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The Road to Responsible Collaboration: An Introduction

The Road to Responsible Collaboration: An Introduction

By Robin Hornby
June 7, 2023

Collaborative working has become something of a buzzword. Every project would claim it is their intention. But more than good intentions are needed. In this introductory article, Robin defines the terminology and concepts central to the topic, explains the two themes that inspire collaboration, and lays the groundwork for the proposition that stakeholders have responsibilities as well as rights.


I want to describe a new way to look at projects. A way that has at its heart two themes – collaborative project engagement, and business alignment.

Collaborative project management and business alignment are closely related, and ultimately result in what I call a Delivery Organization. This organization-centric concept of project management (PM) acknowledges the obvious – corporate projects operate in a corporate environment which can be favorable or unfavorable. A favorable environment offers higher productivity and, with good intentions, may foster responsible collaboration.

But good intentions are not enough, and a roadmap for owners and providers is essential. The roadmap modifies how the project is managed, but the principles of sound PM do not change. Many responsibilities and related activities of the project manager (the PM) become collaborative, and the PM transforms from cajoler, conciliator, and issuer of directives to organizer and facilitator of a natural and anticipated process.

Concepts and Terminology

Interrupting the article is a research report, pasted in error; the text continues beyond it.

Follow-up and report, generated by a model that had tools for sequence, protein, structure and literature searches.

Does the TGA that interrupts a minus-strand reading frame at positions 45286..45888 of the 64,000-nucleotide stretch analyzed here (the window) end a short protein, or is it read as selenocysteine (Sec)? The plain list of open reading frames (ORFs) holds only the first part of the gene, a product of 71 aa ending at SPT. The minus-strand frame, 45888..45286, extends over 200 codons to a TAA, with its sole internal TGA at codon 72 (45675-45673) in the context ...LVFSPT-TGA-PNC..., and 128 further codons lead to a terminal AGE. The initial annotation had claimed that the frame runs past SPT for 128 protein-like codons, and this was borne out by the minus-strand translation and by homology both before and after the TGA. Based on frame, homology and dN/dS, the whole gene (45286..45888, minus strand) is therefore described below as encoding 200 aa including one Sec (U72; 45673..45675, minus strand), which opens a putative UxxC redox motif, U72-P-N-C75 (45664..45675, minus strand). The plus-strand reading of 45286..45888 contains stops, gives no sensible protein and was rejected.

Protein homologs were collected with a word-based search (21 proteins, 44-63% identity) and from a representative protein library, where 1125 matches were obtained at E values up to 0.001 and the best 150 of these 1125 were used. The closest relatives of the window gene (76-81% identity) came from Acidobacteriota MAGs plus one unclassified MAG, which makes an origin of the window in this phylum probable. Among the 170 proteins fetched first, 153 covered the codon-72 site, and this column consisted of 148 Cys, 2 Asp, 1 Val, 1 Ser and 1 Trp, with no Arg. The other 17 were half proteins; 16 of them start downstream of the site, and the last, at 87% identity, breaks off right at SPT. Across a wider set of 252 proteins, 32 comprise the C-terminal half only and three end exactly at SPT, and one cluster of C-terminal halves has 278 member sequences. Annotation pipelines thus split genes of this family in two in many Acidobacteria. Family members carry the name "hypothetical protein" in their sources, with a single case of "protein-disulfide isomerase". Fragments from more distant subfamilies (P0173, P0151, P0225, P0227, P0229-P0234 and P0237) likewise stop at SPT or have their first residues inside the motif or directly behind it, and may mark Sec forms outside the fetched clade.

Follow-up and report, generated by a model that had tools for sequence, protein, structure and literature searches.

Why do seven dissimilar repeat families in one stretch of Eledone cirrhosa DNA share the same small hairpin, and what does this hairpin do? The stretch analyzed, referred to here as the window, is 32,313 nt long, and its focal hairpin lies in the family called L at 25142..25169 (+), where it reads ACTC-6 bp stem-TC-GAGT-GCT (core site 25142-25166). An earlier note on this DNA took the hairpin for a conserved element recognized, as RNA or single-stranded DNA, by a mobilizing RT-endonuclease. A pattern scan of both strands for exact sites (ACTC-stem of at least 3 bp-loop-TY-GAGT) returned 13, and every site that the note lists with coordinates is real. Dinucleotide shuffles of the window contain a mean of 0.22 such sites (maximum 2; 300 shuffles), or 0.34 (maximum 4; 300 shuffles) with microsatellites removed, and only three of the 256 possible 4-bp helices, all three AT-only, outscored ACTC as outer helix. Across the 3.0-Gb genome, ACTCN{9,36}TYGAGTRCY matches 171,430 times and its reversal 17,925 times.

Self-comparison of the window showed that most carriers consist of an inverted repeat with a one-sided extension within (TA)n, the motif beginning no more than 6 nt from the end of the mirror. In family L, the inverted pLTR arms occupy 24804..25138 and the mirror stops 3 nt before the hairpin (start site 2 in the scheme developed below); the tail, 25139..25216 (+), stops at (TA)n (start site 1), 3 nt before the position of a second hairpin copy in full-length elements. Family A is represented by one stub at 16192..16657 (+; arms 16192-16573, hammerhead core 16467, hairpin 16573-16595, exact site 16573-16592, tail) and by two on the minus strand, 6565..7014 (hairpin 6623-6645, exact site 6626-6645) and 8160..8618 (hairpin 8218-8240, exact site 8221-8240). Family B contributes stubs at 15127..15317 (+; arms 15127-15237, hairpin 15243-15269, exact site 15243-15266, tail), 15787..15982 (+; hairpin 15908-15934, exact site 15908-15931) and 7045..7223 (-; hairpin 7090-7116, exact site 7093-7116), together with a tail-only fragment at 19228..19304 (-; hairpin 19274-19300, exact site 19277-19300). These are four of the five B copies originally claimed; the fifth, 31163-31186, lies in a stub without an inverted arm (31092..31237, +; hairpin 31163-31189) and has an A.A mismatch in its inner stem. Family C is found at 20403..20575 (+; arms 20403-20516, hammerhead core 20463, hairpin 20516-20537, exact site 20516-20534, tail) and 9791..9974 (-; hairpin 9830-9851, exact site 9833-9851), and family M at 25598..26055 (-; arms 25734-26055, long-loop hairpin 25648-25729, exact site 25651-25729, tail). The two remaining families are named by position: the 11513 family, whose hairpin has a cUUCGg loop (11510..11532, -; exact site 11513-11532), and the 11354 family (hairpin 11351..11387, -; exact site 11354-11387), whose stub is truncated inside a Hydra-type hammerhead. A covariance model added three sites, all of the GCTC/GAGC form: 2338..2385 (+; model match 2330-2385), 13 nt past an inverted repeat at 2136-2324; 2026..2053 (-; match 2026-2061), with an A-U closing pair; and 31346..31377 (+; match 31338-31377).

Universality: The prescriptions for collaboration are designed to be universal, i.e., apply regardless of an in-house or vendor provider. A common language and process for project teams helps avoid silos, regardless of how they are sourced. (This does not mean that vendors do not face unique problems, they certainly do, and the interested reader may investigate my earlier book, Commercial Project Management1, for a complete analysis.)

Owner: Generic, universal name for the beneficiary of the project.  It embraces specific terms such as buyer, client, sponsor, steering committee, or business team.

Provider: Generic, universal name for the organization providing the technical team and delivering the project, who may be in-house or contracted.

Delivery Organization: A collective term for both the owner and provider who have adopted the collaborative themes of project engagement and alignment.

Responsible Collaboration: This usually abbreviates to collaboration, but I mean something very specific. The qualifier strengthens the simple idea of ‘working together’, which is the dictionary definition. It also helps correct the prevalent notion that stakeholders have rights, but no corresponding duties and responsibilities.  The word has been used historically to describe the usual circumstance of the PM working collaboratively with the team. This just requires common sense to consult prior to decision-making, to listen to ideas, ensure tasks are assigned with care and amended based on feedback, that results are valued, and everyone is treated respectfully. The word has also been applied to non-hierarchical self-directed teams which may or may not be collaborative but in most cases are no way to run a project. All these ideas are discussed elsewhere in the literature and are not discussed here.